By Andrew McRae of RNZ
The Waikato Mongrel Mob Kingdom says planned changes to gun legislation are racist, undemocratic and poorly thought out.
It made a submission to Parliament's Finance and Expenditure Committee in Hamilton on Thursday.
It was the first time the Waikato Mongrel Mob Kingdom had made a submission to a select committee.
Mob spokesperson Louise Hutchinson said the mob agreed in wake of the Christchurch tragedy, the current arms act needed to be revisited, but the proposed changes were a knee-jerk reaction to a problem that should have been addressed years ago.
"We believe the arms legislation bill has been written in haste and we do not believe that the content of the legislation enacted in its current state will make Aotearoa a safer place."
• Inside a Mongrel Mob workshop
• Mongrel Mob Kingdom's new PR person wants to fight stigma around gangs
• Simon Bridges should target poverty if he wants to tackle gang problems - Mongrel Mob Kingdom
• Mongrel Mob Kingdom announces first female chapter
She said the Waikato Mongrel Mob Kingdom was concerned there was a rush to change the firearms legislation and the need to be seen as doing something without due consultation.
"It is a shortcutting of New Zealand's democratic process which will indirectly put our immediate whānau and our whānau outside of the Waikato region at a higher risk than any other New Zealand community because of poorly written [and] thought-out legislation, which will have mistakes, errors and omissions.''
Ms Hutchinson said many Māori did not understand the content of the legislation and they would continue to be a stick to beat which essentially would see "Māori being the prime targets, particularly our gang communities, of this legislation".
"Albeit to say this legislation is racist in its intent."
Ms Hutchinson said the period after a mass shooting was often very telling.
"When the shooter is white, the context is the individual narrative, this individual disordered white mind. When the shooter is brown, all of a sudden the disorder is culture."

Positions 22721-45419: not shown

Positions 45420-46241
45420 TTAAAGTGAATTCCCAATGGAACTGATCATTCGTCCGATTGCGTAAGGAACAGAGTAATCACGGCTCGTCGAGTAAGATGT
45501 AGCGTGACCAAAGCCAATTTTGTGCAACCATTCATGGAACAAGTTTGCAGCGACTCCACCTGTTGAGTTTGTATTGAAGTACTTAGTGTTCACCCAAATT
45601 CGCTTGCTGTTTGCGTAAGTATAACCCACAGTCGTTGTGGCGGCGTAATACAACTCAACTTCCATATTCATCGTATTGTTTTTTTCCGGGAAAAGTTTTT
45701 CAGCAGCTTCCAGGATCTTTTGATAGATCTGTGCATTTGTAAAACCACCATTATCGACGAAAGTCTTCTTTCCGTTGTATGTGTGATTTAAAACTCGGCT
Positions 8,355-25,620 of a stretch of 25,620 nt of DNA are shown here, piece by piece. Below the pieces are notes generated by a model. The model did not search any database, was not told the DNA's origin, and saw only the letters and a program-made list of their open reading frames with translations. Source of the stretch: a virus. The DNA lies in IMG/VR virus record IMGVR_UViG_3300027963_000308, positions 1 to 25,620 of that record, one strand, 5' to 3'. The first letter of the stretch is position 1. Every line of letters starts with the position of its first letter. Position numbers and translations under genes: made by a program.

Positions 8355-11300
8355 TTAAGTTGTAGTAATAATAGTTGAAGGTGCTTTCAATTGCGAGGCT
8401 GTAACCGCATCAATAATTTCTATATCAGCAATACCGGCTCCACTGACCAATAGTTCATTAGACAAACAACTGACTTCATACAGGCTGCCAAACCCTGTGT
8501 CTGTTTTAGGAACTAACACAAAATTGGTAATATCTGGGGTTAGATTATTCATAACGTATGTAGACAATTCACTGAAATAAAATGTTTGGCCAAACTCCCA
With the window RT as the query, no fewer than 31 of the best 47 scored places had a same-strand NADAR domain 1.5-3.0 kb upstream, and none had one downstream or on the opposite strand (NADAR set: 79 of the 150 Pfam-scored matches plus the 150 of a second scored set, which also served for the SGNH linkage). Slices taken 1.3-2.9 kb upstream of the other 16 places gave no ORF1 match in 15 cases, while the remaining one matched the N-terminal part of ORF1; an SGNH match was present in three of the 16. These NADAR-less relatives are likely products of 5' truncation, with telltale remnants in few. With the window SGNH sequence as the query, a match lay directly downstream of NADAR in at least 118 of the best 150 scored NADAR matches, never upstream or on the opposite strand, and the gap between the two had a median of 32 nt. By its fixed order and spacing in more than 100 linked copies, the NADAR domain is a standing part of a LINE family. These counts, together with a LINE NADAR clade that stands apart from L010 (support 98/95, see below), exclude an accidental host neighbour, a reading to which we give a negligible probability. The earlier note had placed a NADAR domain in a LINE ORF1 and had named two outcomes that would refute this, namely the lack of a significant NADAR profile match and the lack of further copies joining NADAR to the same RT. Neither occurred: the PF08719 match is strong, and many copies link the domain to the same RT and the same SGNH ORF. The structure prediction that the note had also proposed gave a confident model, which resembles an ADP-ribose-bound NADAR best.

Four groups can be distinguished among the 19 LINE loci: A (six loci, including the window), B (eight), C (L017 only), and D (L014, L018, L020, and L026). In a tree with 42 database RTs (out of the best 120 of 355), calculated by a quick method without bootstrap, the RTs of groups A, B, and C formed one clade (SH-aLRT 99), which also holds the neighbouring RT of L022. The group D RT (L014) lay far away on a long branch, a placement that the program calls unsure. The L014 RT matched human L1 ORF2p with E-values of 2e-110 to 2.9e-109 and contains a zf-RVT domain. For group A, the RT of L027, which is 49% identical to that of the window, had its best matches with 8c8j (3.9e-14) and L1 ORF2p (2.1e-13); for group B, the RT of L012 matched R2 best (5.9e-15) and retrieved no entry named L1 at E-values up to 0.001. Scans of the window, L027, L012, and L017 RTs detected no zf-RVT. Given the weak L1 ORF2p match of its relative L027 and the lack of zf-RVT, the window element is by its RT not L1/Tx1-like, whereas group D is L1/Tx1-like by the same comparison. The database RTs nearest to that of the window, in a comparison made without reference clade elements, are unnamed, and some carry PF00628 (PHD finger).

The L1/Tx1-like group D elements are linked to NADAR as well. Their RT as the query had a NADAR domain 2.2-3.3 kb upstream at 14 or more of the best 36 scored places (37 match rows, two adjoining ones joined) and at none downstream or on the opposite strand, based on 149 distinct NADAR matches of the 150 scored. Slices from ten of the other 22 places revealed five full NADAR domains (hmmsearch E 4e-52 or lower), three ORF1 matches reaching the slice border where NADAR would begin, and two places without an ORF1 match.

She said that while people often said getting rid of guns would stop mass shootings, that was not the case.
"Guns aren't the problem, people are the problem. Guns don't kill, it's people that kill people."
Ms Hutchinson said it's the Waikato Mongrel Mob Kingdom's contention that the targeted focus of the bill had turned from the white single disaffected perpetrator of the Christchurch massacre to the non-white community.
She told the select committee that all shooting massacres in New Zealand have all but one been carried out by white perpetrators.
Ms Hutchinson said outside the hearing that the select committee process itself was racist and that the mob did not have confidence in it.
"It's a very intimidating process and the set up is not a tikanga based way of doing it and there has not been any consultations with gang communities so inherently it is a racist process."
Ms Hutchinson said the process should have been taken out into Māori communities with hui as a way of consulting Māori under the Treaty of Waitangi.
She said the Waikato Mongrel Mob Kingdom have had meetings with police iwi liaison officers about complying with changes to the gun laws.
"Cooperating with authorities and even there is a chance for the kingdom to upskill their people in terms of firearms and what are their rights and what do they need to be aware of because we know that they will be targeted if this legislation is passed."